Effect of sorghum dried distillers grains with solubles on composition, retail stability, and sensory attributes of ground pork from barrows and gilts

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dc.contributor.author Skaar, G.R.
dc.contributor.author Houser, Terry A.
dc.contributor.author Sotak, K.M.
dc.contributor.author Goehring, B.L.
dc.contributor.author Stickel, A.
dc.contributor.author Gerlach, B.M.
dc.contributor.author Steele, K.
dc.contributor.author Goodband, Robert D.
dc.date.accessioned 2012-02-16T19:47:04Z
dc.date.available 2012-02-16T19:47:04Z
dc.date.issued 2012-02-16
dc.identifier.uri http://hdl.handle.net/2097/13503
dc.description.abstract A total of 288 finishing pigs (PIC TR4 × 1050, initially 129.6 lb) were utilized as part of a 73-d feeding study to determine the effects of sorghum dried distillers grains with solubles (S-DDGS) in sorghum- or corn-based diets on ground pork quality. The dietary treatments included sorghum-based diets with 0, 15, 30, or 45% S-DDGS, a sorghum-based diet with 30% corn DDGS (C-DDGS), and a corn-based diet with 30% C-DDGS. Shoulders from 24 barrow and 24 gilt carcasses were ground, packaged, and evaluated for proximate and fatty acid composition, iodine value (IV), objective color and oxidation shelf-life, and sensory attributes. Finishing diet and gender did not interact to affect composition, fatty acid profile, color, or oxidative rancidity (P > 0.05). Pork from gilts contained less fat and more moisture (P < 0.001), was less saturated with a greater IV and total percentage of polyunsaturated fatty acids (P < 0.01), and was also darker (P < 0.001) and more red (P = 0.004) than pork from barrows. Gender did not affect (P > 0.05) total color change from 0 to 120 h, oxidative rancidity, or sensory attributes of ground pork. Finishing diet had no effect on total fat, moisture, or protein composition. Increasing S-DDGS resulted in a linear (P < 0.001) decrease in saturated and monounsaturated fatty acids (MUFA) and an increase (P < 0.01) in polyunsaturated fatty acids (PUFA) and pork IV. Pork from pigs fed 30% S-DDGS had a greater percentage of MUFA, a lower percentage of PUFA, and reduced IV compared with pork from pigs fed 30% C-DDGS. Diet did not affect oxidative rancidity (P = 0.37) or objective color CIE L* (brightness), a* (redness), or b* (yellowness) values (P ≥ 0.09), but was shown to influence total color change (P = 0.01), with pork from pigs fed sorghum grain and 30% S-DDGS showing less total change than all other dietary treatments. All pork products were characterized with similar sensory descriptors. Overall, increasing S-DDGS during finishing resulted in ground pork with a more unsaturated fatty acid profile. Utilization of S-DDGS compared with an equal level of C-DDGS resulted in pork with a more saturated fatty acid profile and reduced IV; however, product differences were not carried through to alter oxidative rancidity or sensory attributes. en_US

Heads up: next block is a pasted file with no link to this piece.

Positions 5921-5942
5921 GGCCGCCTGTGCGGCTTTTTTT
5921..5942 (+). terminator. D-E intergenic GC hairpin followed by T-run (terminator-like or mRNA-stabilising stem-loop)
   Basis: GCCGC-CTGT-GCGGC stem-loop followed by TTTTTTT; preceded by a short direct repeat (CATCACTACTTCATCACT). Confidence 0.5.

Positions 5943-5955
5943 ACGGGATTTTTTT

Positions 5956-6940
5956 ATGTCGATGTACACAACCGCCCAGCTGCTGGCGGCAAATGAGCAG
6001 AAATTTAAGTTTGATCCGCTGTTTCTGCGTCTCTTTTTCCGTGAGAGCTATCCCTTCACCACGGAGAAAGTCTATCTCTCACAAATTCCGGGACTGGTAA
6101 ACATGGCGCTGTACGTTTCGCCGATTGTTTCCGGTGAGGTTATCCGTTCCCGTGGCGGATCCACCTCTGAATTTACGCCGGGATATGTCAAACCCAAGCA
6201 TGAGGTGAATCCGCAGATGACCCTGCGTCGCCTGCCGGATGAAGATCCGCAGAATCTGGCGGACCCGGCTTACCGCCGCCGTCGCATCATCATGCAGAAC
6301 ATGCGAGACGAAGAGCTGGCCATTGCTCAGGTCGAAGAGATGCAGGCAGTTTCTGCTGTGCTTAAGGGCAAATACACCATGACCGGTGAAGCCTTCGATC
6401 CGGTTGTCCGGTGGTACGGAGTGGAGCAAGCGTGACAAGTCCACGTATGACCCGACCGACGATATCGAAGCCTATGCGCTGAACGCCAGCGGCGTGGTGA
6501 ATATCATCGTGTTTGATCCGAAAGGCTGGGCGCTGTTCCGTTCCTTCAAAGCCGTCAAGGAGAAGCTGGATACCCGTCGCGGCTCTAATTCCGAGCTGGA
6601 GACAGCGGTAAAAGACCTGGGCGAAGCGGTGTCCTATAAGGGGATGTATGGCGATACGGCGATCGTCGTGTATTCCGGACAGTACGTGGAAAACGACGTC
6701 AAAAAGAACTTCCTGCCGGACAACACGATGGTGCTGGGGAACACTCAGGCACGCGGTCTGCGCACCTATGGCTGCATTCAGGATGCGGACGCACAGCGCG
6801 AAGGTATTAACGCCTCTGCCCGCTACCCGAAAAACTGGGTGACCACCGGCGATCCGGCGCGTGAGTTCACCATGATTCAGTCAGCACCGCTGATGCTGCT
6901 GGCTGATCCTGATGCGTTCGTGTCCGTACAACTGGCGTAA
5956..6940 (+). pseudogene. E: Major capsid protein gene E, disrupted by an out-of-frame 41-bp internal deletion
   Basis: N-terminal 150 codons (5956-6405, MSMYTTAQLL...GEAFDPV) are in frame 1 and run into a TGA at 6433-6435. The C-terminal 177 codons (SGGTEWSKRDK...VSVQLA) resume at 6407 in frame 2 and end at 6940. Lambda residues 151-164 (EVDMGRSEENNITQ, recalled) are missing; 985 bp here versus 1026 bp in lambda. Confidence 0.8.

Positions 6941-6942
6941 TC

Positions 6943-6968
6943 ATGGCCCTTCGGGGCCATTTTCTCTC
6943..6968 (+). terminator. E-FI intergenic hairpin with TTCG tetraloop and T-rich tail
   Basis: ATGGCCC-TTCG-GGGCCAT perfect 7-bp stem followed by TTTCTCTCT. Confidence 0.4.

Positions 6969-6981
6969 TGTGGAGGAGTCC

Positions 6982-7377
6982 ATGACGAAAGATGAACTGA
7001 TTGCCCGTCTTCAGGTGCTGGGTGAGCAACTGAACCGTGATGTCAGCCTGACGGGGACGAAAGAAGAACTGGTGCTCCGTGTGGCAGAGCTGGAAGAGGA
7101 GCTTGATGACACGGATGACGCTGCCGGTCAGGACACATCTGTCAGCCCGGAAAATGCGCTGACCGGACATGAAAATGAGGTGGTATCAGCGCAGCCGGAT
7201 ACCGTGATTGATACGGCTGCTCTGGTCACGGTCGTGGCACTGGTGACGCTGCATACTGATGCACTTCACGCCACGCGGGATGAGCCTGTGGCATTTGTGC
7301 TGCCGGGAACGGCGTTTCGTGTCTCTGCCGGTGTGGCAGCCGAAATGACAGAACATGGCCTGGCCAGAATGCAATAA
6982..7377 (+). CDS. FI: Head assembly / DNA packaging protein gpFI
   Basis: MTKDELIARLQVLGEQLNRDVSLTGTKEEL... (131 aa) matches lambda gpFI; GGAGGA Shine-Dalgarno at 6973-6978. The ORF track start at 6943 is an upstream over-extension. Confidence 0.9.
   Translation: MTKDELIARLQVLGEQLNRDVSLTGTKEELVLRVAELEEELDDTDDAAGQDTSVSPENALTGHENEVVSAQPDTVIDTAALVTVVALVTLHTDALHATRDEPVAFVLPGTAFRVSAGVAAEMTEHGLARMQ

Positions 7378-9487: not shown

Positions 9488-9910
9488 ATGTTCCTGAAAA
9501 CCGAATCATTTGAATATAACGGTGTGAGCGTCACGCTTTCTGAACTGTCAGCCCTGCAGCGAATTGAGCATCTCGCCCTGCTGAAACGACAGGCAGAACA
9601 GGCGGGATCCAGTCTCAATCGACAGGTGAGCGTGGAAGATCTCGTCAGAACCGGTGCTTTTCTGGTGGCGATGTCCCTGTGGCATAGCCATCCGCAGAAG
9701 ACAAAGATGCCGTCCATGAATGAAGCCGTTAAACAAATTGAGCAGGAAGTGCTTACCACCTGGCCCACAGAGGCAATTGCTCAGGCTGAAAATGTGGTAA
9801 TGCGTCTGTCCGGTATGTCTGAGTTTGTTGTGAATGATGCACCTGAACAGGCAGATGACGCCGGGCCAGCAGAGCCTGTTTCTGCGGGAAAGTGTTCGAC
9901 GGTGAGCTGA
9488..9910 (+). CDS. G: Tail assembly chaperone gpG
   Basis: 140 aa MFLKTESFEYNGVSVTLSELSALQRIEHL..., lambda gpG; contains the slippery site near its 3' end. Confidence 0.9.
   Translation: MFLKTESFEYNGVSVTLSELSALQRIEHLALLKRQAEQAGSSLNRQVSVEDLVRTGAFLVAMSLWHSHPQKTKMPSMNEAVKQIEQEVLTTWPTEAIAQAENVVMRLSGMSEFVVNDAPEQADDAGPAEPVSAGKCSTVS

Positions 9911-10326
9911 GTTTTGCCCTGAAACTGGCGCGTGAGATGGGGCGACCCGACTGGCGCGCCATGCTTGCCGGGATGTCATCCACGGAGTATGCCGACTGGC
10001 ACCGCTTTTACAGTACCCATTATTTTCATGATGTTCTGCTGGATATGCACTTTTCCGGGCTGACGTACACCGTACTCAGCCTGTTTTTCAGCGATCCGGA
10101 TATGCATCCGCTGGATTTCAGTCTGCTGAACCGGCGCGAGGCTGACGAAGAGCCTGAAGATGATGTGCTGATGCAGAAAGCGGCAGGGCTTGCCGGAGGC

dc.publisher Kansas State University. Agricultural Experiment Station and Cooperative Extension Service en_US
dc.relation.isPartOf Swine Day, 2011 en_US
dc.relation.isPartOf Kansas Agricultural Experiment Station contribution; no. 12-064-S en_US
dc.relation.isPartOf Report of progress (Kansas State University. Agricultural Experiment Station and Cooperative Extension Service); 1056 en_US
dc.subject Swine en_US
dc.subject DDGS en_US
dc.subject Gender en_US
dc.subject Pork quality en_US
dc.subject Sensory attributes en_US
dc.subject Sorghum en_US
dc.title Effect of sorghum dried distillers grains with solubles on composition, retail stability, and sensory attributes of ground pork from barrows and gilts en_US
dc.type Conference paper en_US
dc.date.published 2011 en_US
dc.citation.epage 353 en_US
dc.citation.spage 341 en_US
dc.description.conference Swine Day, Manhattan, KS, November 17, 2011 en_US
dc.contributor.authoreid houser en_US
dc.contributor.authoreid goodband en_US

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